It’s very fantastical. But this is why we decided to use a strange lens, the picture is deformed, we wanted to show to the audience it’s almost a fantasy. It’s not a documentary film. At the Berlinale the film critics and the audience really got it, and we were very happy, they got the black humour and the absurdity, and the fantasy, fairytale. But in Poland people didn’t get this. It was very frustrating to me, it’s quite distressing. People started, on the internet, to compare this film to the real story, saying that I was blaming Polish people, and they’re real people who helped the guy so much, and that I pictured them as stupid animals, like I was simplifying everything. But it’s so funny because if you can pull off each element, like the exorcism, or the behaviour of the mother who doesn’t believe he’s her son anymore, these things are happening in deep villages in Poland, that’s what people think about transplantations. All of these elements are real, but probably when they are put together it looks absurd. In Poland they really didn’t get it.
That must be quite sad for you?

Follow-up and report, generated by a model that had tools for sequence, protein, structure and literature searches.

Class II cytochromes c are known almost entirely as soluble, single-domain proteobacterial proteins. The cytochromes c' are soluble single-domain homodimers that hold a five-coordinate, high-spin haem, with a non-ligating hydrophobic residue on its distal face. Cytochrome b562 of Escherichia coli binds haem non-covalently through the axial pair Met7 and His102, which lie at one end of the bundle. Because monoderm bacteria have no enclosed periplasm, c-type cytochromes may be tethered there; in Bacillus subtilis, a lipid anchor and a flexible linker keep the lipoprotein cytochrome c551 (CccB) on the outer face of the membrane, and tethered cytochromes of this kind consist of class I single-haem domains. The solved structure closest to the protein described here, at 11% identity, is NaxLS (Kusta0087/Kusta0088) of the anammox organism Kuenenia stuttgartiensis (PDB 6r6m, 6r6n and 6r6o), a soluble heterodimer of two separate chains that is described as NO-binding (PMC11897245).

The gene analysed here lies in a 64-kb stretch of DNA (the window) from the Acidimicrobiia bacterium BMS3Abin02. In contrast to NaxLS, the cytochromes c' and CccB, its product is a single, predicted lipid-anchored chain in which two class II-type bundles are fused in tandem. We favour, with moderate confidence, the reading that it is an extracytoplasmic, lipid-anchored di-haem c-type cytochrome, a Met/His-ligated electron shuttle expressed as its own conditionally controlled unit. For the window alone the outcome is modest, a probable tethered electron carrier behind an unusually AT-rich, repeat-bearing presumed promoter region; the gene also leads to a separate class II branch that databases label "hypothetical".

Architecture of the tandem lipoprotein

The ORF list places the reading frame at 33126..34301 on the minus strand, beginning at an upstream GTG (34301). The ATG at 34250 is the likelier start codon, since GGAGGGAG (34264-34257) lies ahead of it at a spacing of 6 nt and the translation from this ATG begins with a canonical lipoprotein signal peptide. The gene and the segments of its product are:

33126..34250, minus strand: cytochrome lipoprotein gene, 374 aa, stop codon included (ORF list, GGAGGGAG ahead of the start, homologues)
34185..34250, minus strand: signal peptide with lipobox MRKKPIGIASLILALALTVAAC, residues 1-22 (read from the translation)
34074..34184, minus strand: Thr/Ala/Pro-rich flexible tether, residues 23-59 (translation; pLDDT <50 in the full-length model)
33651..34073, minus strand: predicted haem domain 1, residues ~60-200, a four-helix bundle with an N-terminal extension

Yes it is.
I think your portrayal of Poland has always been very affectionate.
I think so too. And tender. That’s my feeling. I was talking about the reaction on the internet, but also in many film reviews the people say that I’m snobby. Like I treat myself as someone who is laughing at poor people. But what is extremely funny, is that the right wing and the left wing, both didn’t like the film, because the left wing felt like I treated those people wrong in their opinion, and then the right wing felt I was making jokes about the Polish nation and religion. So nobody was satisfied [laughs]. I was disappointed. But maybe that’s why it’s important, because people are facing something in the film that disturbs them so much, and it’s good, no?